In a pamphlet entitled “Accomplishments of President Dr Mohamed Morsi” put out by the Brotherhood nearly 500 projects are listed from dredging a canal in Upper Egypt to the repair of the railways between Cairo and Alexandria. All this was done by Morsi! Similar claims are made by Trump of his first 50 days as president. Pre-election plans for industrial expansion by large US companies are immediately claimed by the narcissistic president as part of his achievements.

Anxiety reigns over America since the assumption by Trump of the presidency. In certain instances that anxiety translates into outright fear, experienced by immigrants worried over deportation for the flimsiest infraction, for example. Included in these widening circles of fear are Muslims due to Trump’s Muslim ban and compounded by raising red flags over the misnomer of “Islamic terrorism”. As if terrorism had a faith.

Something similar was the case in Egypt during the reign of obscurantism of the Muslim Brotherhood. The targets were Copts, liberals, secularists, and women. Tourism dried up, compounding the economic woes of Egypt, a country of nearly 100 million people. The attackers of churches, Shias, unveiled women, and the message of Al-Azhar went unpunished. It was the reign of impunity gone mad.

Neither Trump nor Morsi saw in the judiciary a co-equal branch of government. In Egypt, the Supreme Constitutional Court was besieged for weeks by Brotherhood hooligans. The Brotherhood controlled both the executive and its Brotherhood-majority parliament. As for Trump, judgements by the judiciary in the US have been attributed to the ethnic background of one federal judge, or to the incompetence of another, as was the case in freezing Trump’s executive order affecting freedom of movement in and out of the US. Trump called the orders issued by the US judiciary in Washington State and Hawaii “judicial over-reach”.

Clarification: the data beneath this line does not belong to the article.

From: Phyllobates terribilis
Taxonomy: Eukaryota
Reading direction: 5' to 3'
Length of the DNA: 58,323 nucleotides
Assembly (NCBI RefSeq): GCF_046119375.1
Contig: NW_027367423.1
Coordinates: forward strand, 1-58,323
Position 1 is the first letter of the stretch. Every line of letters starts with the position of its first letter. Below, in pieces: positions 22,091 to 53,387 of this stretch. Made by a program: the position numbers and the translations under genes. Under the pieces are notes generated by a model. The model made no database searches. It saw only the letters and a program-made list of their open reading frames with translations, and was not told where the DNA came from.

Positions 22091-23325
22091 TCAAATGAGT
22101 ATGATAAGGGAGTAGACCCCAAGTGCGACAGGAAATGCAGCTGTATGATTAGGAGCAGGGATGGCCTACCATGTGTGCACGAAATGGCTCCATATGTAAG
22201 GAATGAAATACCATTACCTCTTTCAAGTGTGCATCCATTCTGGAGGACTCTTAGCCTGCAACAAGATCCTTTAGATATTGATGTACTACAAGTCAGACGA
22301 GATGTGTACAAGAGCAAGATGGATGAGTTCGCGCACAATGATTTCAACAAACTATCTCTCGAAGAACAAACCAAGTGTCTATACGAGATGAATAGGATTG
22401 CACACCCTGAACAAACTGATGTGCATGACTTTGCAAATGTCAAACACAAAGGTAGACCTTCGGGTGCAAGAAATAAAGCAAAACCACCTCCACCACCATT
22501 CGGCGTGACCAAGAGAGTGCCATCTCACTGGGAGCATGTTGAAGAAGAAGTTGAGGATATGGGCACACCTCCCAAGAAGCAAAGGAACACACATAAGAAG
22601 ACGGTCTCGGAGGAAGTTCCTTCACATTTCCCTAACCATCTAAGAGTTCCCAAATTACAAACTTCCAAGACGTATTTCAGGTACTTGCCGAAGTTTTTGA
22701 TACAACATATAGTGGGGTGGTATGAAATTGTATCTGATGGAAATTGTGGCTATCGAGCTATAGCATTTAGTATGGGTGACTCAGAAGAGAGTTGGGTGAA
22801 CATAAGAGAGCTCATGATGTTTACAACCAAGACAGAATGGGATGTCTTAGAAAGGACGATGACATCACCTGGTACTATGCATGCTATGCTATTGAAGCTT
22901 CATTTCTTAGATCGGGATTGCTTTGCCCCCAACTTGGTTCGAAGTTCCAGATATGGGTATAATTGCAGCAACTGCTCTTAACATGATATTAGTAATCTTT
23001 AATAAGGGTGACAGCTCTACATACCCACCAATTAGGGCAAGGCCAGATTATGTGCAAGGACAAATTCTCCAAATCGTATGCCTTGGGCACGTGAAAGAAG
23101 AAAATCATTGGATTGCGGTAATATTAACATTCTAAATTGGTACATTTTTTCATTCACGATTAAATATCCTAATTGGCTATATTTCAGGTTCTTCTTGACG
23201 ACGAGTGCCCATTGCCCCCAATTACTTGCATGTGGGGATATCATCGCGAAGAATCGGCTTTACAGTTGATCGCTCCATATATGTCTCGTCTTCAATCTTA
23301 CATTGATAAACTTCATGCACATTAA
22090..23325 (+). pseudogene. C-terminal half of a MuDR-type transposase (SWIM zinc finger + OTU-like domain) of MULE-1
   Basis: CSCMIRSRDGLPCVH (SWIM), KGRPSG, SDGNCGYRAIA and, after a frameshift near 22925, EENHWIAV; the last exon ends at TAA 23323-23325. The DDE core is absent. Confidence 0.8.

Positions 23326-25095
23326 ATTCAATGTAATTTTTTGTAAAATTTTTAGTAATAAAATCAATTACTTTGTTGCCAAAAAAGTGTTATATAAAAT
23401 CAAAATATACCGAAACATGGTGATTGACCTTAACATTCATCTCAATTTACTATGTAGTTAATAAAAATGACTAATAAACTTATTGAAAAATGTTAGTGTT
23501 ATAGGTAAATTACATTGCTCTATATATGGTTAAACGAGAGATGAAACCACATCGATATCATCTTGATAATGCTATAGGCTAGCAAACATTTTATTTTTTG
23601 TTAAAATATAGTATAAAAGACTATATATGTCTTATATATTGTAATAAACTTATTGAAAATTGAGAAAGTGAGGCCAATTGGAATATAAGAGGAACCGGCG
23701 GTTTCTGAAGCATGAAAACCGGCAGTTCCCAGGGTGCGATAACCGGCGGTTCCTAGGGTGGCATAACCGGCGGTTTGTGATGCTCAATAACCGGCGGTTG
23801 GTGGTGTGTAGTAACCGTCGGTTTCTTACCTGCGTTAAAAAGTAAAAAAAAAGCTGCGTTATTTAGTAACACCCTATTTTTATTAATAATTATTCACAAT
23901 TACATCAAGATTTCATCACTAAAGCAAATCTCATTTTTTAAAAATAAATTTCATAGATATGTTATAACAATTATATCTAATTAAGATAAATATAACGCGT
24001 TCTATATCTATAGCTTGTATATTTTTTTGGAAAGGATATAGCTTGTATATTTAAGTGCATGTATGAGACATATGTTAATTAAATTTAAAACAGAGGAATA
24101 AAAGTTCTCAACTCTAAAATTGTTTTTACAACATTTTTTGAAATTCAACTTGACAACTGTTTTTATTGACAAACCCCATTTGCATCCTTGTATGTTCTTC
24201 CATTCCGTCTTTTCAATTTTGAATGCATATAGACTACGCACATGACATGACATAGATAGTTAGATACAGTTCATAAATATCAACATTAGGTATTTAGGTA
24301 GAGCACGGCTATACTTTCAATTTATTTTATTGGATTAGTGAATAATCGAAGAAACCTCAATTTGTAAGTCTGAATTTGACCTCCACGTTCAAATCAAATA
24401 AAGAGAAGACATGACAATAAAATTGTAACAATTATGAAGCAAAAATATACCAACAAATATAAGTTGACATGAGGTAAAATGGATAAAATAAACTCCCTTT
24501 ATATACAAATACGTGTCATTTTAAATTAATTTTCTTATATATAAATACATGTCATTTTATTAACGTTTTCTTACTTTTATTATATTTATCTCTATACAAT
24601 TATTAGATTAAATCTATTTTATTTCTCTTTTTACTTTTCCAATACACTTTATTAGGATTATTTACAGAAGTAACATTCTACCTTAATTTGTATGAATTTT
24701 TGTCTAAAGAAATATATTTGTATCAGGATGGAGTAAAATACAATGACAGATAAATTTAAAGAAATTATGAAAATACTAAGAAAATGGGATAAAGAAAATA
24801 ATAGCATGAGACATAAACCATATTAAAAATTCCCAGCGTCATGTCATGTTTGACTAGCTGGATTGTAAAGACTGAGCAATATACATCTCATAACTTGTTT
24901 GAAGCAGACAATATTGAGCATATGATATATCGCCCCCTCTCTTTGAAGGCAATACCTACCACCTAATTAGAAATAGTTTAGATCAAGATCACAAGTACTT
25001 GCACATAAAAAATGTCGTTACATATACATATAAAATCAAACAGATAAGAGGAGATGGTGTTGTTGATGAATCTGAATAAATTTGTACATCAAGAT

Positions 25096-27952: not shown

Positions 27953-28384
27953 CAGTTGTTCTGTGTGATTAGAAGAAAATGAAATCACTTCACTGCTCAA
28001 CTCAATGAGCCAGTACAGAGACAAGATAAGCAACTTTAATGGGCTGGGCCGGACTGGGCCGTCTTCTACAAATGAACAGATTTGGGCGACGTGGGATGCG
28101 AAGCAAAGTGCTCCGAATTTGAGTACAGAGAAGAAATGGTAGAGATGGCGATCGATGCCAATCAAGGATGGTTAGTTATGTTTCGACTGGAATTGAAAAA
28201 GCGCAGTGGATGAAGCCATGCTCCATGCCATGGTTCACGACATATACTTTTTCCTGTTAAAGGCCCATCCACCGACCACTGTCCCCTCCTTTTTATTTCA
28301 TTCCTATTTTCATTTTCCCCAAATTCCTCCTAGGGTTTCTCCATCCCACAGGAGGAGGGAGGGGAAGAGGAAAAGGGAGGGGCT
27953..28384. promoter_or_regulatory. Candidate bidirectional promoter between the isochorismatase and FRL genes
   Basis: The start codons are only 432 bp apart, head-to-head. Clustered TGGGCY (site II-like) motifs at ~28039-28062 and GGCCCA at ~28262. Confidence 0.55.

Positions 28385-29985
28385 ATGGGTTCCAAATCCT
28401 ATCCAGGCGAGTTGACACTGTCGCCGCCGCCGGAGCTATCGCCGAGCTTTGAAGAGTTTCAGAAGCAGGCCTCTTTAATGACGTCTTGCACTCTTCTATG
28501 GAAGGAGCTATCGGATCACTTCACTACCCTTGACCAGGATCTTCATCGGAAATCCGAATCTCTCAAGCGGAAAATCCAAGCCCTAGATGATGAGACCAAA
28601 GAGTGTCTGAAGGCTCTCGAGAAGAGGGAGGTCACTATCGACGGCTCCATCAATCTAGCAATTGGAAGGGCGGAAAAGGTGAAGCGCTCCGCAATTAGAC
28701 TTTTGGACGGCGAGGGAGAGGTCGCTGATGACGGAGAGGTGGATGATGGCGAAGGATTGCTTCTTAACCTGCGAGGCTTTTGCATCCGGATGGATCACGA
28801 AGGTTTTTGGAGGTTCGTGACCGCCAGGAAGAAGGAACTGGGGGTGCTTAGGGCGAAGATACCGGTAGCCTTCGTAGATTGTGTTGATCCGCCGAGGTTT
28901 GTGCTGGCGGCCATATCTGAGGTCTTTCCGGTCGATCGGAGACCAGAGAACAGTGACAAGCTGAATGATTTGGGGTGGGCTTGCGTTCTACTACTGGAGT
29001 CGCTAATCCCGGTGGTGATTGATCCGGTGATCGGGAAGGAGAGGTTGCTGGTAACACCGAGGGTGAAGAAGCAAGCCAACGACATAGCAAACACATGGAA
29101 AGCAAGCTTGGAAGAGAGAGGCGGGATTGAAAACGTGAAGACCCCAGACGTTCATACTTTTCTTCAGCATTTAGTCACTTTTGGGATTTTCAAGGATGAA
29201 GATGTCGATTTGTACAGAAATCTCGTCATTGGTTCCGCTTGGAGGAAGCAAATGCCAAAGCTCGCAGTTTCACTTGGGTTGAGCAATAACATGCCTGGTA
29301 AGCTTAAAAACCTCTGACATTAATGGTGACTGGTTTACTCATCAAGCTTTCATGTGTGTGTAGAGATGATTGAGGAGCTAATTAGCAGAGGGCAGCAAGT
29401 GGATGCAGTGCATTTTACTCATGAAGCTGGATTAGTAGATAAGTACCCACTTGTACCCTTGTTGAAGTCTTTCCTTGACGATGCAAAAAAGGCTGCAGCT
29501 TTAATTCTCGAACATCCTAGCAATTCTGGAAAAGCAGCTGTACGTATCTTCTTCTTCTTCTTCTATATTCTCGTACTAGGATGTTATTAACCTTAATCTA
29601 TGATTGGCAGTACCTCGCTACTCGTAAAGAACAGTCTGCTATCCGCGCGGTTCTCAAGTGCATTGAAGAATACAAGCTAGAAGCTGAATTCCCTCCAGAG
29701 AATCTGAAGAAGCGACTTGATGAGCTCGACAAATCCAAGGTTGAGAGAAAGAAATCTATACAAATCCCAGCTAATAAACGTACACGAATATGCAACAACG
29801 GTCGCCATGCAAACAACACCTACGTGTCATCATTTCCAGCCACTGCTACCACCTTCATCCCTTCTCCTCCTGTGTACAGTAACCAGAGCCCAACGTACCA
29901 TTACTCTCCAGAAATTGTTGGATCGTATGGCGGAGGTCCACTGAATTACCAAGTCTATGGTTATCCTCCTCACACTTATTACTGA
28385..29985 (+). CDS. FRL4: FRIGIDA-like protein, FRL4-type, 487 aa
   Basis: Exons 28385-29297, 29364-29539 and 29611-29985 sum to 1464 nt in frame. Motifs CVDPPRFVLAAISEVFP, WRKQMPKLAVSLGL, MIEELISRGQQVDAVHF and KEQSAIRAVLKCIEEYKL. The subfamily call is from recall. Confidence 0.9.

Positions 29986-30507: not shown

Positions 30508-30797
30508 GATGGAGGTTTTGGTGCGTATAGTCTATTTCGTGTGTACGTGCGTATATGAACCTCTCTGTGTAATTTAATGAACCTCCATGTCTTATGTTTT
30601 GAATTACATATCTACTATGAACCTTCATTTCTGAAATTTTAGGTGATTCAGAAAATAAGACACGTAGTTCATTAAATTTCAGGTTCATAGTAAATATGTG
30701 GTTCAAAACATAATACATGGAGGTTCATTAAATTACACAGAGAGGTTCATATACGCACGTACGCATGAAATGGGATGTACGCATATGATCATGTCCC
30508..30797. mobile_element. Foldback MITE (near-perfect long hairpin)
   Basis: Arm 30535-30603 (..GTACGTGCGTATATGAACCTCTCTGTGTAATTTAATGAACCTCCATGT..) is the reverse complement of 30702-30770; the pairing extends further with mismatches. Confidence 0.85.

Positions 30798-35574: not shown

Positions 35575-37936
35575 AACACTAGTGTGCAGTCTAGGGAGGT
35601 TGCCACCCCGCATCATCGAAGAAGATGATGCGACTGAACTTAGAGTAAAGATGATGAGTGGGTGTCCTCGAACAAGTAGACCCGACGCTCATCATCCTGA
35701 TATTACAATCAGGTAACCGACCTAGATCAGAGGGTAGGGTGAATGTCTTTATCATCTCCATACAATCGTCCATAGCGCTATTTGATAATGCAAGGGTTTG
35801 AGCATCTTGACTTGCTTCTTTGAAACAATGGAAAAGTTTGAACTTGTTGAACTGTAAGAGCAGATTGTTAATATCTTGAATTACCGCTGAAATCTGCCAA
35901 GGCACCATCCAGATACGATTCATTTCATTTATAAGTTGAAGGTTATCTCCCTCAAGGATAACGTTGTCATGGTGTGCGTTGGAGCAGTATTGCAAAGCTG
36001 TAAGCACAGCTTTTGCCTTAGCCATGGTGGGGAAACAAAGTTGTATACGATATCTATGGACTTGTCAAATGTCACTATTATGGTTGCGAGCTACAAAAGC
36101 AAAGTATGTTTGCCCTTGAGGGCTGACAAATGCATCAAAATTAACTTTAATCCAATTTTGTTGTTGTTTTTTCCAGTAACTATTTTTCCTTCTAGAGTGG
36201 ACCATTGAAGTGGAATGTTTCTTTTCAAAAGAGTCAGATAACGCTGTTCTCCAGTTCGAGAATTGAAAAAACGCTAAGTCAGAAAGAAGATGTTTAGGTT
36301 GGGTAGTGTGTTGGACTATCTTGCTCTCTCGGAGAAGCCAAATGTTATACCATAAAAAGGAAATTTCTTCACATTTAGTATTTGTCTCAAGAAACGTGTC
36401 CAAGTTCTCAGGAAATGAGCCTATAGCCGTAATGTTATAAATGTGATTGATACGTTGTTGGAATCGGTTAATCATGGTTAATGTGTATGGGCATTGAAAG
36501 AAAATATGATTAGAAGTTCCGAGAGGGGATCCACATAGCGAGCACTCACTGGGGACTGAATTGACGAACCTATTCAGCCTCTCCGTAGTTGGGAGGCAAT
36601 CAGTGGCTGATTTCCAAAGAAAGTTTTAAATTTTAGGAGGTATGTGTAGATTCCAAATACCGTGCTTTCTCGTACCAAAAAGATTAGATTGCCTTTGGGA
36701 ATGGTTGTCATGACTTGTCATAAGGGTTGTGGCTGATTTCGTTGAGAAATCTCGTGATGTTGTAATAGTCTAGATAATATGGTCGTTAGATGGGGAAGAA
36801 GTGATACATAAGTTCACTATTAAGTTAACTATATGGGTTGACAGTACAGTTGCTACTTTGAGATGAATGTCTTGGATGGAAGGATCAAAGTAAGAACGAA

One more thought remains: the Egyptian Revolution of 30 June 2013 resulted in the removal of Morsi, saving Egypt from the possibility of civil war. In America, the nation is deeply divided over the roles of the three branches of government, including the judiciary, through the possible confirmation of a very conservative ninth justice for the Supreme Court, and the growing anxiety over Russia’s influence and possible blackmail of Trump. These are the kinds of drip-drip worry that may end in shortening Trump’s presidency.

Similar features of governance by Trump and Morsi are manifest in two critical areas. They both failed in keeping religion and state separate, and they both seemed to treat the armed forces of their respective countries as if they were their personal possessions. Witness the oft-repeated Trump reference to “my generals”.

Am I seeing similarities between Trump and Morsi as a result of my own dislike of both? Possibly. Of course, Trump may yet declare the Muslim Brotherhood to be a terrorist organisation, which would be a measure worthy of the war on terrorism. But despite such actions, I cannot avert my gaze from two presidents who have acted similarly on a variety of issues.

In life, similarity of circumstances, especially in governance, generally leads to similar outcomes. The parallels between the Trump and Morsi trajectories are difficult to ignore. Both of them rested their thrones on the perilous grounds of “I won” in elections.

Both Trump and Morsi live on the same oxygen, an oxygen called the mob. They both draw their fancied approval from the howling masses. For Morsi it was those gathered in the Rabaa Al-Adaweya and Al-Nahda squares in Cairo. For Trump, it is Tennessee and Michigan.

The Trumpists, especially Steve Bannon, Trump’s media adviser, are calling for “the destruction of the administrative state”. This anti-state call evokes the horrible memory of the Muslim Brotherhood call of “toz fi misr” (to Hell with Egypt) uttered by a Brotherhood supreme guide.

There can be nothing either “supreme” or “guiding” in belittling an Egypt with a history of 7,000 years.

The writer is a professor of law at New York University in the US.